4 August 2015
World-renowned musician and anthropologist Johnny Clegg,who was recently awarded an OBE, aims to raise R1-million in a single night to go towards the fight against tuberculosis (TB).
On Tuesday, 18 August, Clegg will be joined by other local legends Sipho “Hotstix” Mabuse‚ Pops Mahomed‚ Jesse Clegg‚ Ray Phiri‚ and Nonku Phiri at a concert at Nelson Mandela Theatre in Johannesburg. The money raised at the concert will go directly towards the programme run by the Treatment Action Campaign (TAC) to halt the TB epidemic in South Africa.
In September 2014, Clegg was shocked to learn that TB was the leading cause of death in South Africa.
“It seemed like a distant notion until band members and others around me became ill with TB‚” he said‚ “but after that I became aware that TB is a real disease that lives inside your lungs‚ and if you are really unlucky‚ in your spine‚ brain‚ or other parts of your body.
“We all need to learn what TB is and how it is transmitted. We all need to improve infection control where we live and work and in schools‚ taxis‚ clinics and other public spaces. We must all be TB aware.
“It’s hard to accept a world which turns a blind eye to TB simply because it mostly affects poor people. For this reason I have decided to engage with and to play a part in our national struggle against TB,” he explained.
The concert is the launch of the TAC’s TB public awareness campaign. Its goal is to ensure people across South Africa know the symptoms of TB and how to prevent transmission‚ as well as to explain the treatment that is available.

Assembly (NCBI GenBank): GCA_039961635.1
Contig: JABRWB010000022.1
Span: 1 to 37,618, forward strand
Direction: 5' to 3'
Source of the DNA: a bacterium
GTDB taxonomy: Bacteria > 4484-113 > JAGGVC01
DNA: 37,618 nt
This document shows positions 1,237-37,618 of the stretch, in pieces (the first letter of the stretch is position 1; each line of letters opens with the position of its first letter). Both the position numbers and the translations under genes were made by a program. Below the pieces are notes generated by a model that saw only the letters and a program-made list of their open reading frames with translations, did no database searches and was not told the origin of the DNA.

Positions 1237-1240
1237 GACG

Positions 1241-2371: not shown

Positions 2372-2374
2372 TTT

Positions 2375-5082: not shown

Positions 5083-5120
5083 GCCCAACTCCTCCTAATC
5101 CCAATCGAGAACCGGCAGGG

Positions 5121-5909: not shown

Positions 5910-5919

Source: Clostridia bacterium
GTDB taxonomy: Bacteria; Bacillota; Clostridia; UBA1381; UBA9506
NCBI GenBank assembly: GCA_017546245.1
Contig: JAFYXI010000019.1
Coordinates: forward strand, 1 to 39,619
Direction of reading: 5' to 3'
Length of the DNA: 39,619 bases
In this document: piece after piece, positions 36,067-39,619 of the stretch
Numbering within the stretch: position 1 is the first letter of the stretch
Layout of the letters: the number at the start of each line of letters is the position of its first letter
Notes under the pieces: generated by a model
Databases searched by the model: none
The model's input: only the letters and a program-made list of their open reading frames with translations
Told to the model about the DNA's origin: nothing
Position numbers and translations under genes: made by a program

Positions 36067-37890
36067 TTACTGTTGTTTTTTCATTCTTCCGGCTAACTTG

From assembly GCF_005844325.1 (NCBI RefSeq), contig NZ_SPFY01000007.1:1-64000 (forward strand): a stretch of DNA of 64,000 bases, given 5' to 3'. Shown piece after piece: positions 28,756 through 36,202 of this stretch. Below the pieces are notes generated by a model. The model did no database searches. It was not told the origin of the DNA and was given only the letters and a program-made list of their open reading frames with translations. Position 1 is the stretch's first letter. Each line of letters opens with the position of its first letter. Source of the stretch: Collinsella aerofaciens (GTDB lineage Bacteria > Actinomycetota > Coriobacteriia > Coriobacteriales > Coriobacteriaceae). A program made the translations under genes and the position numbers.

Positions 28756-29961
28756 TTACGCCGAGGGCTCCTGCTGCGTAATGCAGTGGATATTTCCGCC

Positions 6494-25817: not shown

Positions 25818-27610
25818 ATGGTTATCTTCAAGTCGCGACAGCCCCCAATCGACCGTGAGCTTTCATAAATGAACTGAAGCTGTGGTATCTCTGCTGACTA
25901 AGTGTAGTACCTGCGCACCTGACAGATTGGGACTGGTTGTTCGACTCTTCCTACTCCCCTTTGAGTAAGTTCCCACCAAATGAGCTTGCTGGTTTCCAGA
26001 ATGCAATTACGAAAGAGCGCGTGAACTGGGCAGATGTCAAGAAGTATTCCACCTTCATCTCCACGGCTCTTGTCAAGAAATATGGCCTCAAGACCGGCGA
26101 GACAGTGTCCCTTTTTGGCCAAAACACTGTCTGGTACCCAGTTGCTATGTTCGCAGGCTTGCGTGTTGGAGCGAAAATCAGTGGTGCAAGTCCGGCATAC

Clegg was born in England, but emigrated with his family when he was six months old. They settled initially in Zimbabwe, then spent a short time in Zambia before finally moving to South Africa. He has been described as a Southern African Development Community child.
“Between his mother (a cabaret and jazz singer) and his stepfather (a crime reporter), who took him into the townships at an early age, Johnny was exposed to a broader cultural perspective than that available to his peers,” reads his website biography.
With bands Juluka and Savuka, he merged traditional South African sounds with pop music and created a sensation. “Whilst lecturing anthropology at the University of the Witwatersrand in Johannesburg, Clegg worked on the concept of blending English lyrics and Western melodies with Zulu musical structures.”
Source: RDM NewsWire